Christ College, founded in 1969, is one of Bangalore's leading undergraduate and graduate institutions in the humanities and social sciences. (For further information see http://www.christcollege.edu).

The Educational Initiatives Programme at CSCS has been doing collaborative work to explore questions of interdisciplinarity in undergraduate education. This work is contextualised by
the need to understand the implications that new cultural theory and interdisciplinarity might have to the future of academic institutions, within the contexts of academic autonomy, vocationalisation and the crisis of the University. In its two years of existence the Educational Initiatives Programme has undertaken eight full courses in various institutions, and conducted nine workshops, in association with Christ College, the Srishti School of Art, Design and Technology and on its own: a 'young researchers' workshop' run entirely by students, and 'consultancy' workshops with the Bangalore and Kuvempu Universities and with Ninasam, Heggodu. In addition, under the Documentation Programme, CSCS has undertaken to produce a substantial Report on the Status of Arts & Culture Funding, as well as put in place the technological infrastructure for a major electronic documentation programme to feed its forthcoming MA in Cultural Studies in collaboration with the Kuvempu University. The EIP has also collaborated with the National Centre for the Biological Sciences and the Indian Institute of Management, Bangalore, and has international links with the Yonsei University, Seoul.

Areas for Discussion:

The Higher Education Scenario, Reclaiming Spaces: Reordering Pasts: (Urban Studies/Urban Design), State Violence And Reparation (History), Multiculturalism (Sociology/Anthropology), Migration Panel, Cultural Hegemonies, Film Studies/Media Studies/Visuality Panel, Law Panel, Curriculum/Institutional Linkages.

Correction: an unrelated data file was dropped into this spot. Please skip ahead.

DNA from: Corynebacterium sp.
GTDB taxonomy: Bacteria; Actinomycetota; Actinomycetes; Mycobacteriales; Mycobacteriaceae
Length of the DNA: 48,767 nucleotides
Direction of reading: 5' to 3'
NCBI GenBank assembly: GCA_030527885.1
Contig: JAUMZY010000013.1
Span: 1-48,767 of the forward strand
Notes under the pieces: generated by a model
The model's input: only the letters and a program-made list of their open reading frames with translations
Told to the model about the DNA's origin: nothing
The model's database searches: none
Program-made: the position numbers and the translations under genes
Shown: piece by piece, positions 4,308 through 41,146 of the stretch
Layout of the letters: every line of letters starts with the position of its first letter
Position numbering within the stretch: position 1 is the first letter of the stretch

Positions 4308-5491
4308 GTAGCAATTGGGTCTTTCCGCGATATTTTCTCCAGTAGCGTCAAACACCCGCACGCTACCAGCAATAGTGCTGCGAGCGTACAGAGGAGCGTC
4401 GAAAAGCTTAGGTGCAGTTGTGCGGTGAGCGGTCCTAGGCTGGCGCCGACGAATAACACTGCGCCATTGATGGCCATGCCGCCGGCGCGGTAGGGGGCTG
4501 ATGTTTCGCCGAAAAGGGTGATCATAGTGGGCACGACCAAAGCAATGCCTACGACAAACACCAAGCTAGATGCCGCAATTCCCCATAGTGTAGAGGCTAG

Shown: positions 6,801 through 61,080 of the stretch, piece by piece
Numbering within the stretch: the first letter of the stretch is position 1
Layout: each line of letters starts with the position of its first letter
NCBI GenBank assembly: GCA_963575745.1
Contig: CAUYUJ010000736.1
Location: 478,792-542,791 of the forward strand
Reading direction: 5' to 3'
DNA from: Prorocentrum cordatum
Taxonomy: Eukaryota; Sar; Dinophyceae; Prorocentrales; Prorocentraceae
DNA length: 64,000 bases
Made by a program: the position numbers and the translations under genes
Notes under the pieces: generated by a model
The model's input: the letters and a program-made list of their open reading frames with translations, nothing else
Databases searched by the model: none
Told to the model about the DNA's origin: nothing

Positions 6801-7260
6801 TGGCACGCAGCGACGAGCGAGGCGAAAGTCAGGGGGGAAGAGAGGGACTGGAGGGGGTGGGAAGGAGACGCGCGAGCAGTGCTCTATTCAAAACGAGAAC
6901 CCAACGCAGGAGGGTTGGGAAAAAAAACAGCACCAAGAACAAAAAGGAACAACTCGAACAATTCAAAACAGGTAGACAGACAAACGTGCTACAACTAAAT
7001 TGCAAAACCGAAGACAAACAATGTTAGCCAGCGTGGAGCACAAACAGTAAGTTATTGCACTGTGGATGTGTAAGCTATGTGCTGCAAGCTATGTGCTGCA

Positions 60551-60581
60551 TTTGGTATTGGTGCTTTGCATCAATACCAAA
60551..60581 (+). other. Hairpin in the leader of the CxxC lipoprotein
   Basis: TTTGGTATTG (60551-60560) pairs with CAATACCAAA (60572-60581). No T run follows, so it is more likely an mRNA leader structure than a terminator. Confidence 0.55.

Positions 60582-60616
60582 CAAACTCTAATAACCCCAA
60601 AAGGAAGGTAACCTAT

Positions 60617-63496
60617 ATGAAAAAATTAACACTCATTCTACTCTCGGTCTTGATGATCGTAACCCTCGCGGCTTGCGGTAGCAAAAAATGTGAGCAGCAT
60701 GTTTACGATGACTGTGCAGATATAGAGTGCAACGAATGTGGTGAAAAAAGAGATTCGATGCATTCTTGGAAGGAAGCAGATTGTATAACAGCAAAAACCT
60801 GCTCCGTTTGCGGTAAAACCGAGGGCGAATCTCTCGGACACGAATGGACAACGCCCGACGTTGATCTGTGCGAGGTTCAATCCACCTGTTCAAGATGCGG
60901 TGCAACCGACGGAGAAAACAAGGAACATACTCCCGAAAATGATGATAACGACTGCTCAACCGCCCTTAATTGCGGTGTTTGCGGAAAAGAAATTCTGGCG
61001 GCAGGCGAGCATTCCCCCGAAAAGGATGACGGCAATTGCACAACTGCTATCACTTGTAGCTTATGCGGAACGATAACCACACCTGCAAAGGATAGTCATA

Participants Include:

Aisa Kiyosue, Osaka University
Anirudh Paul, Kamala Raheja Vidyanidhi Institute for Architecture, Mumbai
Ashish Rajadhyaksha, CSCS
Chen, Kuan-Hsing, Tsing Hua University, Taiwan
Cho (Han) Haejoang, Yonsei University, Seoul
Chua Beng-Huat, National University of Singapore
Ding, Naifei, National Central University, Taiwan
Firdous Azim, University of Dhaka/Naripokkho
Hee-Yeon Cho, SungKongHoe University, Seoul
Hilmar Farid, University of Indonesia
Hok Bun Ku, The Hong Kong Polytechnic University
Joyce Chi-Hui Liu, Taiwan
Kakarala Seetharamam, CSCS/National Law School of India University, Bangalore
Kim, Hyun Mee, Yonsei University, Seoul
Kim, Soyoung, Korean National University of Arts, Seoul
M.S.S. Pandian, Chennai
Madhava Prasad, Central Institute for English and Foreign Languages, Hyderabad
Meaghan Morris, Lingnan University, Hong Kong
Melani Budianta, University of Indonesia, Jawa Barat
Paul Willemen, University of Ulster, Coleraine
Rehan Ansari, Filmmaker and writer, Pakistan
S.V. Srinivas, CSCS
Shamsul A.B., The National University of Malaysia, Kuala Lumpur
Shekhar Krishnan, Independent scholar, Mumbai
Shunya Yoshimi, University of Tokyo
Sun Ge, Chinese Academy of Social Sciences, Beijing
Tejaswini Niranjana, CSCS
Valentina Vitali, University of Ulster, Coleraine
Wang Hui, Tsinghua University, Beijing
Wang Xiaoming, CCCS, Shanghai University
Yan Hairong, Princeton University
Yasuhiro Tanaka, Okinawa International University
Yoshitaka Mori, Kyushu University, Fukuoka
Zakir Hossein Raju, School of Communication, Independent University, Dhaka

Correspondence:

Write to: asiaconference@cscsban.org